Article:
Through the process of interacting with pastors and ministry leaders around the issue of gang violence, we realized that technical assistance relating to organizational capacity issues was an important aspect of increasing the effectiveness of faith-based organizations, whether on gang violence or any other issue area. While some individuals and organizations simply required inspiration, others were experiencing pracitical organizational challenges that discouraged them from engaging in the issue of community violence.
For example, many small and midsize congregations do not have full time clergy and staff. Thus, their capacity to take on social programs is limited. Furthermore, these organizations are often out of compliance with state and federal nonprofit regulations and municipal codes. And very few of them have a strategic plan for developing their programs or even know the basics of how to create such a plan. Indeed, some congregations we surveyed were reluctant to share organizational information for fear of revealing their issues to public scrutiny.
Moreover, while organizational inertia is common to all organizations, it is particularly true for religious organizations. One reason for this is that theology and congregational authority are bound together. Leaders have enormous power, usually supported by religious teachings that members should respect and follow the directives of their leaders. Making significant changes in the organization, even in the face of major shifts, such as new demographic realities, commuter churches, and other factors, becomes more difficult because of the presence of the pastor in all aspects of congregational life and programming.
Congregations often have big dreams, but as discussed above, they lack the organizational capacity and structure to actualize these dreams. Many times the programs and projects envisioned by congregations are too large for one small congregation with a part time pastor and no staff support. While this can result in program paralysis because of the daunting requirements to get the effort going, it can also function to motivate churches to partner with other organizations in the community. However, an intermediary such as IVP may be necessary to inspire small congregations to pursue partnerships, as well as receive help in getting their organizational structures in order.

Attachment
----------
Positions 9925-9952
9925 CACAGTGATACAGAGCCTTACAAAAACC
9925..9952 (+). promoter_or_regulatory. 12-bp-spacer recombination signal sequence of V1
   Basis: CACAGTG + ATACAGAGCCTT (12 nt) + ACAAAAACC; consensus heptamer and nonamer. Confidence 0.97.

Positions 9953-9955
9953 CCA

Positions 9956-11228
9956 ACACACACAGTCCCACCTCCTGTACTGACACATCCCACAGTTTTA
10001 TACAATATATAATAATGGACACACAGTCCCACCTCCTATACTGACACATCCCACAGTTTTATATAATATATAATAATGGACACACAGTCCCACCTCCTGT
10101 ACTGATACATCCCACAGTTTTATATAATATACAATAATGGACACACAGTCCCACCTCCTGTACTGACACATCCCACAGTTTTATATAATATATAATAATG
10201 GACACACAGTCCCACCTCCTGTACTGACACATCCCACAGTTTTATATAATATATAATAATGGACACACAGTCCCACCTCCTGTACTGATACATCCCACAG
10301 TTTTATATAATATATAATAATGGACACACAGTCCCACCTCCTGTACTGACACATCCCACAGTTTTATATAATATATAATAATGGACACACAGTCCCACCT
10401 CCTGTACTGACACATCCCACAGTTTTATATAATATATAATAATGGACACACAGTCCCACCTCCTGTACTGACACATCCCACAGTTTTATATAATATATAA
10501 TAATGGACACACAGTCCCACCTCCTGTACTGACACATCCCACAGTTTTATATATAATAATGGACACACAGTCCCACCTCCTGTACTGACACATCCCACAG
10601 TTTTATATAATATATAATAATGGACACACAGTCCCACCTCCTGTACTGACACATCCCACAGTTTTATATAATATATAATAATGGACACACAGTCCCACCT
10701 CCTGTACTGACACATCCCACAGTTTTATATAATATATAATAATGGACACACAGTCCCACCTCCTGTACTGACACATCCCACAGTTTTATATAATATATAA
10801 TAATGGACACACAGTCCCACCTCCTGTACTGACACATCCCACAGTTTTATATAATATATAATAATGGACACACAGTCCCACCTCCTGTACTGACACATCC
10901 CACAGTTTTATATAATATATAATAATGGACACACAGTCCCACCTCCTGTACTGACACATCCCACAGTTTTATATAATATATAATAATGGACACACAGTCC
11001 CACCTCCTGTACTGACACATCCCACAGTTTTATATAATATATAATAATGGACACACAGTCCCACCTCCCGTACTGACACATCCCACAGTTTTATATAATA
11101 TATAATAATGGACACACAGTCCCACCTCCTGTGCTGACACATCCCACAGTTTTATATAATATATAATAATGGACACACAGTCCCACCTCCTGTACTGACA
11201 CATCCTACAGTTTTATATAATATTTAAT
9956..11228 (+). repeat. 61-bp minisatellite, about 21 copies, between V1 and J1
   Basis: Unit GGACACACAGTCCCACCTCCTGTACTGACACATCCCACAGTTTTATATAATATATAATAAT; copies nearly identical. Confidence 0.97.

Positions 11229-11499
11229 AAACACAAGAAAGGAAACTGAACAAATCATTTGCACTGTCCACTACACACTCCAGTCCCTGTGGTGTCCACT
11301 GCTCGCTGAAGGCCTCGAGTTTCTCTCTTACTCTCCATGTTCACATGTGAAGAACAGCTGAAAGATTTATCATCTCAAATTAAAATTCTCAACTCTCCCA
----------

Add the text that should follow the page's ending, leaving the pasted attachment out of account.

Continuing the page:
In response to these needs, Mark Whitlock, Frank Jackson, and Cecil Murray, provided practical information on a variety of topics to strengthen congregations and nonprofit organizations, such as outreach in transitional communities, legal aspects of establishing a 501(c) (3) organization, and tax workshops for religious and nonprofit organizations. The workshops, which we designed to run as a parallel track with the other IVP training, proved to be highly successful, both in providing tangible skills and for identifying areas for further technical assistance.
We provided each participant in the institute with the opportunity to receive a technical assistance assessment in the area of corporate governance. The assessment included a review of the organization’s corporate minute book, including but not limited to its articles of incorporation, bylaws, Secretary of State and Internal Revenue Service compliance status, and procedures and policies. Based on the results of the assessment, IVP staff established an action list to address non-compliant items and, in most instances, designated a staff member to follow-up with completion. In instances where legal representation was required, the Institute for Violence Prevention received assistance through a pro-bono referral arrangement with O’Melveny & Myers LLP’s corporate transactions practice group. Through this arrangement, OMM entered into pro-bono engagement agreements with two organizations led by alumni of the Institute for Violence Prevention.